# ZKP for product of two primes

I'm struggling to understand the intuition of the zero knowledge-ness of this proof from the following paper.

The proof is a 2 round where the verifier asks the prover to extract square roots of quadratic residues.

I've read the HVZK proof (shown in the picture below) and I agree that you can produce a transcript that distributes like a normal proof, however I still can't get over the simple fact that:

• Without the witness (factorization) you can't extract a square root modulo $$N$$.
• When the proof is turned into a NIZK via the Fiat-Shamir transformation, the prover records square roots in their raw form inside the proof, so the verifier learns square roots of numbers in the group which it could not compute on its own before.

Isn't that a "knowledge" leak? Why can this proof be turned into a NIZK?

"HVZK" stands for "honest-verifier zero knowledge", right? Your objection is that a dishonest verifier can choose a random $$x_i$$, compute $$\rho_i\equiv x_i^2\mod N$$, and then when they get $$\sigma_i$$ from the prover, there is a $$1/4$$ chance that $$gcd(\sigma_i-x_i,N)$$ is a non-trivial factor. But an honest verifier should generate random $$\rho_i$$.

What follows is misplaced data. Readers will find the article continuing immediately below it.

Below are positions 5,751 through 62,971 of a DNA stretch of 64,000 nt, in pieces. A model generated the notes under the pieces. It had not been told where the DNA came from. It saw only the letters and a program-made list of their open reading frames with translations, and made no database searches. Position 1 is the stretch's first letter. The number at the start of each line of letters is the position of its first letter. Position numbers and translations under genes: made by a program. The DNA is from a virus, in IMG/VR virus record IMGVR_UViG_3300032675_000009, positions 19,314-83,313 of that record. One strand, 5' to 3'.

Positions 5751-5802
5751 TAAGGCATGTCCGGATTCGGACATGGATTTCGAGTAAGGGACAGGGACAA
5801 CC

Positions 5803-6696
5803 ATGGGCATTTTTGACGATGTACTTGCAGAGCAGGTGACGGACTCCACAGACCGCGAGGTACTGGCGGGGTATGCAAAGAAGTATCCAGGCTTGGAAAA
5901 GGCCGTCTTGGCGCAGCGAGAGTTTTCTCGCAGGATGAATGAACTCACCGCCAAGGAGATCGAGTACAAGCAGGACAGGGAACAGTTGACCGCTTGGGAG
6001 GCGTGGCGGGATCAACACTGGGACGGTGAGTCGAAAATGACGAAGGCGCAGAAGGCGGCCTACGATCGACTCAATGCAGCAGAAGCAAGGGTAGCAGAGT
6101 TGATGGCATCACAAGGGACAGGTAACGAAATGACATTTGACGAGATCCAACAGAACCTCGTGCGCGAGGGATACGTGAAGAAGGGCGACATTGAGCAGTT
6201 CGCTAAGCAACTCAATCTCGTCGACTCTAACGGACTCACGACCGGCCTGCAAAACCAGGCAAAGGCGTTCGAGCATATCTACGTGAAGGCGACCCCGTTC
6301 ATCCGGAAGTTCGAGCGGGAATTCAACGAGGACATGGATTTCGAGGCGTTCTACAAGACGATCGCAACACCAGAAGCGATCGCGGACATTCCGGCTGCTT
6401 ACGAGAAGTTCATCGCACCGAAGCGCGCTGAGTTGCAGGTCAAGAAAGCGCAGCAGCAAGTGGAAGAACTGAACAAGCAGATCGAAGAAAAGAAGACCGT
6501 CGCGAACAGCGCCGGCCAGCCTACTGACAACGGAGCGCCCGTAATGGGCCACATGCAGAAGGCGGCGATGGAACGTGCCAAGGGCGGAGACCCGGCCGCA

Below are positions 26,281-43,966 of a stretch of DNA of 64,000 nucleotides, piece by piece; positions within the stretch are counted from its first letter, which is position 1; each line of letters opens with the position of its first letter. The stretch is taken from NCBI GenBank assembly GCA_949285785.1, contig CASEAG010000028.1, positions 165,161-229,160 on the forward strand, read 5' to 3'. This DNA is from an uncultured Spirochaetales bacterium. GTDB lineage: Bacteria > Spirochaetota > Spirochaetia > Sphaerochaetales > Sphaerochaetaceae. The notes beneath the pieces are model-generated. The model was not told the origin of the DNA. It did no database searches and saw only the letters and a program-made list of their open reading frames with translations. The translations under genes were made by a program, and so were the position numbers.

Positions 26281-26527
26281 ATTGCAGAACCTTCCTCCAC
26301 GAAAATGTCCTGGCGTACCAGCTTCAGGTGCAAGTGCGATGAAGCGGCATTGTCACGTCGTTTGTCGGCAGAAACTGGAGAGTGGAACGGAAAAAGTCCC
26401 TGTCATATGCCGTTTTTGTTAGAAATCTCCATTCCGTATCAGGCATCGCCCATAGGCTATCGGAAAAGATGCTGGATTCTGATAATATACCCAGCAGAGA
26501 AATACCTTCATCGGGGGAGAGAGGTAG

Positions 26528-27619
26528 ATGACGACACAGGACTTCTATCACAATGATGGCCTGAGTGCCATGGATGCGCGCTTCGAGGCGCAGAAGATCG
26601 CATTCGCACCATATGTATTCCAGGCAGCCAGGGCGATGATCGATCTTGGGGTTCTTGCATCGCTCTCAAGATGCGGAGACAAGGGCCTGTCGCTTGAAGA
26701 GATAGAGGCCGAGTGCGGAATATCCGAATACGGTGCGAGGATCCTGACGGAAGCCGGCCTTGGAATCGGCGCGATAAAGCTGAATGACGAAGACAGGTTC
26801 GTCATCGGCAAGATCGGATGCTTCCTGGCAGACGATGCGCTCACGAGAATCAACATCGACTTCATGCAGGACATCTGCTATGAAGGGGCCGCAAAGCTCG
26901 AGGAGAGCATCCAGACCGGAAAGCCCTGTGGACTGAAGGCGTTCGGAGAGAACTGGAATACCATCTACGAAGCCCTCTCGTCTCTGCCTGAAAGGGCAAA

This should be secure, based on the following: Suppose $$A$$ is an algorithm that can factor $$N$$ given random $$\rho_i$$ and $$\sigma_i$$ such that $$\sigma_i^2\equiv \rho_i\mod N$$. Then we can factor any $$N$$ with $$A$$ by picking a random $$\sigma_i$$, computing $$\rho_i\equiv\sigma_i^2\mod N$$, and sending $$\rho_i$$ and $$\sigma_i$$ to $$A$$.
• Thanks for your comment, I understand the difference between HVZK and regular ZK and Fiat Shamir heuristic, it's just that this protocol "feels" odd in that sense: Before observing the ZKP, I cannot root square mod N any number. However after observing the ZKP now I know several numbers of the form $(x, \sqrt{x}~mod~N)$ however I could never have computed these roots before observing the ZKP, so how is zero knowledge preserved here if I can compute new things I wasn't able to before? – yacovm Jun 19 '20 at 18:34